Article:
Online Bible Commentary
The Minister’s Prayer
1 Timothy 1:12 I thank Christ Jesus our Lord, who has given me strength, that he considered me faithful, appointing me to his service. 13 Even though I was once a blasphemer and a persecutor and a violent man, I was shown mercy because I acted in ignorance and unbelief. 14 The grace of our Lord was poured out on me abundantly, along with the faith and love that are in Christ Jesus. 15 Here is a trustworthy saying that deserves full acceptance: Christ Jesus came into the world to save sinners--of whom I am the worst. 16 But for that very reason I was shown mercy so that in me, the worst of sinners, Christ Jesus might display his unlimited patience as an example for those who would believe on him and receive eternal life. 17 Now to the King eternal, immortal, invisible, the only God, be honor and glory for ever and ever. Amen. (NIV)
The Apostle Paul offers up a prayer to the Lord, thanking Christ Jesus for strength, for considering Paul faithful and for appointing Paul to serve Him (v.12). This is always the prayer for those in the Lord’s service. This is the minister’s prayer.
It is no wonder that Paul’s first order of thankfulness was for the Lord’s strength (v. 12a). Those in the Lord’s service need His strength because Satan is always doing all he can to pull us out of His service. Satan uses all his efforts to thwart any help for ministers. He uses the apathy of those to whom are being ministered. He convinces them that someone else will give, if they don’t. He convinces them that they should give only to their church. He convinces them that they do not have the funds to give, as if God has not promised to meet all their needs when they are faithful. This ministry is a perfect example. No one has given to this ministry in its six months of existence. Even though the Lord has affirmed over and over again that this minister should continue this ministry, the lack of giving seems to contradict that message. The lack of giving from the faithful few has made it impossible to have the funds to expand this ministry. It seems to be saying that this work is not effective and this minister would better serve God by investing his time and resources in a different area of ministry. It is only by this strength from God that this ministry still exists today.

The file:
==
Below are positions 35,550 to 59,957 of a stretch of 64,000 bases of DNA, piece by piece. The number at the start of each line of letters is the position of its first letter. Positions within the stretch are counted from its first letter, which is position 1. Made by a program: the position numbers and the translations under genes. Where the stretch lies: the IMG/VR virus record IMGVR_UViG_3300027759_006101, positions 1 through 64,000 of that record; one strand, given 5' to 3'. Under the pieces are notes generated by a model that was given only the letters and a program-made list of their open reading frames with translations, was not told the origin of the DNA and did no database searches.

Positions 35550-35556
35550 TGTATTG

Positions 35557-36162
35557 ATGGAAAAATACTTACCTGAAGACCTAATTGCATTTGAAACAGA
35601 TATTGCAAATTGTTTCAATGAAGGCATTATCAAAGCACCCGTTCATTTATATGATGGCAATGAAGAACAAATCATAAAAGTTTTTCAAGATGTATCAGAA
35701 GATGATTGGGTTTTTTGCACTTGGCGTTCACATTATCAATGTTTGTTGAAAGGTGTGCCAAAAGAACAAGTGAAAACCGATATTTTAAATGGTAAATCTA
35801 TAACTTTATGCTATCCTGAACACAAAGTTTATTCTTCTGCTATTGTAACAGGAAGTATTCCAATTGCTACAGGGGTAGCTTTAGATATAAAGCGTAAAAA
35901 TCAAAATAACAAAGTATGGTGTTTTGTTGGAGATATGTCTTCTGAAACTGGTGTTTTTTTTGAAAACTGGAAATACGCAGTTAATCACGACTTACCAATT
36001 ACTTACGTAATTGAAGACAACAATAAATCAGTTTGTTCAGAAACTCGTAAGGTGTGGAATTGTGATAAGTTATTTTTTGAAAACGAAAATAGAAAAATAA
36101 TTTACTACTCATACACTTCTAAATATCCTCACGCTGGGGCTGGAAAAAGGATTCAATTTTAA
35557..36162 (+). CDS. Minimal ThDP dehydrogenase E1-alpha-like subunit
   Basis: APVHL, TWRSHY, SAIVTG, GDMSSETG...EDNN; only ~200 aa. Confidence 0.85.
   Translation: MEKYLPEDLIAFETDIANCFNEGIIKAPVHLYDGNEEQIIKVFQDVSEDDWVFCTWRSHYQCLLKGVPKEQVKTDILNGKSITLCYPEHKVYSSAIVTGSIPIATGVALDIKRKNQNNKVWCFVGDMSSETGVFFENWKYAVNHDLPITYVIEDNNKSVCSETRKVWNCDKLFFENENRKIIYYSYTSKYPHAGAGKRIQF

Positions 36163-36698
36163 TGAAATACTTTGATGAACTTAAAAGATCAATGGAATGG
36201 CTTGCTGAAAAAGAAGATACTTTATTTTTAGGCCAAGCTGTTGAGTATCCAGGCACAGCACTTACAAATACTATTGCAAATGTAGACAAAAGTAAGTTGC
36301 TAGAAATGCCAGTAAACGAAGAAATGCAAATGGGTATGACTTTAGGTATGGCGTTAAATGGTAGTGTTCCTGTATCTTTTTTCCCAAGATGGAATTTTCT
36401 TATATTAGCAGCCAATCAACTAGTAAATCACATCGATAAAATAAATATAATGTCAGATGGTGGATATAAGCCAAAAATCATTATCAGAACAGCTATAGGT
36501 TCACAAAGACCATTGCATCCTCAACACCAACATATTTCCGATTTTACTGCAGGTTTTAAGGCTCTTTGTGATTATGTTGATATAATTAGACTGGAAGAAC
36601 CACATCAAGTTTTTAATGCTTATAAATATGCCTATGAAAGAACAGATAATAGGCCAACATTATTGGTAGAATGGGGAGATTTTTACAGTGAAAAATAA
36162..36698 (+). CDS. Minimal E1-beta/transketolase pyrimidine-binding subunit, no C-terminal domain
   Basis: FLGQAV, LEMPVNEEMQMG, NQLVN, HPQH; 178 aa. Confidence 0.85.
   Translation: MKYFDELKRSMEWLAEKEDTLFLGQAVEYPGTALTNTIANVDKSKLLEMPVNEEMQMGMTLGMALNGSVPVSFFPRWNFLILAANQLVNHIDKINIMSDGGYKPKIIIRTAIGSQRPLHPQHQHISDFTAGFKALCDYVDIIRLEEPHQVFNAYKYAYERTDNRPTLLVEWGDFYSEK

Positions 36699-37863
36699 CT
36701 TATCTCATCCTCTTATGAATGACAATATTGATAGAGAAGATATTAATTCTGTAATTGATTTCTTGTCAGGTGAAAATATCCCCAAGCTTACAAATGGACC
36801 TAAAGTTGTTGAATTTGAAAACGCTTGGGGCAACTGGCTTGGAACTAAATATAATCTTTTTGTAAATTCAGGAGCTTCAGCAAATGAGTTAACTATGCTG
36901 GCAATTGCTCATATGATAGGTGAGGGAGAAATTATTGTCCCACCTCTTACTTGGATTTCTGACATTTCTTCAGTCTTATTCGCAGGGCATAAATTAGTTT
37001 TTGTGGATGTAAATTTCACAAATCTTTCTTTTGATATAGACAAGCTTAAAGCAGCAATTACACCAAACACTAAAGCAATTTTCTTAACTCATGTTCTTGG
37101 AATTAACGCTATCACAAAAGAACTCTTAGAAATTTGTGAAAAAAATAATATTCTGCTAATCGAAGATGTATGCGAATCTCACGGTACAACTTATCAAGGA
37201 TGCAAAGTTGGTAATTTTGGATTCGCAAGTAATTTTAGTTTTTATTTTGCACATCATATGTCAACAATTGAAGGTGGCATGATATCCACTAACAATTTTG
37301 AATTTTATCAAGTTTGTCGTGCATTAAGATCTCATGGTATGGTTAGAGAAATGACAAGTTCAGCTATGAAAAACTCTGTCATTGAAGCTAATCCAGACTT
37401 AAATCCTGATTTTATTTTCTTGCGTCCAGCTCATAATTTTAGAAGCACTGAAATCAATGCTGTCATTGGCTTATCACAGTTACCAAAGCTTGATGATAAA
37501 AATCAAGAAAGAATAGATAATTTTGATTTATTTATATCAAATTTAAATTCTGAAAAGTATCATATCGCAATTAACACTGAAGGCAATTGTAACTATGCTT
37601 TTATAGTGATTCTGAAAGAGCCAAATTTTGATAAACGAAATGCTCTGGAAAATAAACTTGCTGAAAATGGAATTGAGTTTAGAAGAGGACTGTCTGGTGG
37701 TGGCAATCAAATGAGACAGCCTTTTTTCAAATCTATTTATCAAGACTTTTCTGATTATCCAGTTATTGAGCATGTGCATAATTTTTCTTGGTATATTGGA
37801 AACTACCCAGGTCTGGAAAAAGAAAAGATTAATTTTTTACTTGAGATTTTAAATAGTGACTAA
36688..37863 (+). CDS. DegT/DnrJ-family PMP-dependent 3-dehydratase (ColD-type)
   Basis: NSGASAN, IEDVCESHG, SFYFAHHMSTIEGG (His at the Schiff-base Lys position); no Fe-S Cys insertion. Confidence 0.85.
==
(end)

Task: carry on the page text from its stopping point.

Second, Paul thanks the Lord for considering him faithful (v. 12b). Paul was the chief oppressor of Christians prior to his conversion. Paul was very “religious”, defending his family religion with every ounce of his being. He blasphemed Christians, for teaching doctrine contrary to that of the established religion, Judaism (v. 13a). Not only that, he persecuted Christians, through both verbal and physical abuse, which turned violent (v.13b). He acted in “ignorance and unbelief” (v. 13d). The literal translation of the Greek for the phrase translated “ignorance and unbelief” is “because being ignorant I did it in unbelief."
But the Lord had mercy upon Paul (v.13c). The Lord could have wiped out Paul for his actions, but instead He chose to shower him with grace (v. 14a). The literal Greek for this abundance of grace is “super-abounded”. This was a super amount of grace that was needed to forgive Paul of his grievous sins towards the Lord. Persecuting Christians is a very serious offense in the eyes of God. Those who partake of such things should be prepared for the consequences of their actions. The Lord may not be merciful upon them, as He was upon Paul. Finally, “faith and love” were also poured out upon Paul, to enable him to accept his assignment (v.14b).
Paul’s third order of thankfulness was for being appointed to the Lord’s service (v.12c). The literal Greek for the phrase translated “to serve him” is “putting me into service”. Ministers do not just decide they will serve the Lord. The Lord calls them, “putting them into service”, because, according to the literal Greek, He “counted me faithful”. Then, the Lord closes every other door, except ministry. It is His choice, not man’s choice. The Lord chooses who he wants to serve Him.
Paul then gives his first of five “trustworthy sayings” (v. 15a); found in the Pastoral Epistles of 1 Timothy, 2 Timothy, and Titus. It is that “Christ Jesus came into the world to save sinners.” Paul says that he “is” the worst of these sinners, not that he “was” the worst (v. 15b). Paul remained humble throughout his ministry. Paul was an “example”, better translated a “pattern” (v. 16). Because he was the sinner of all sinners, the Lord made him a pattern for all others to follow. If Paul could be used by God, anyone could be used by God. Paul then ended his prayer offering praise to the Lord (v. 17).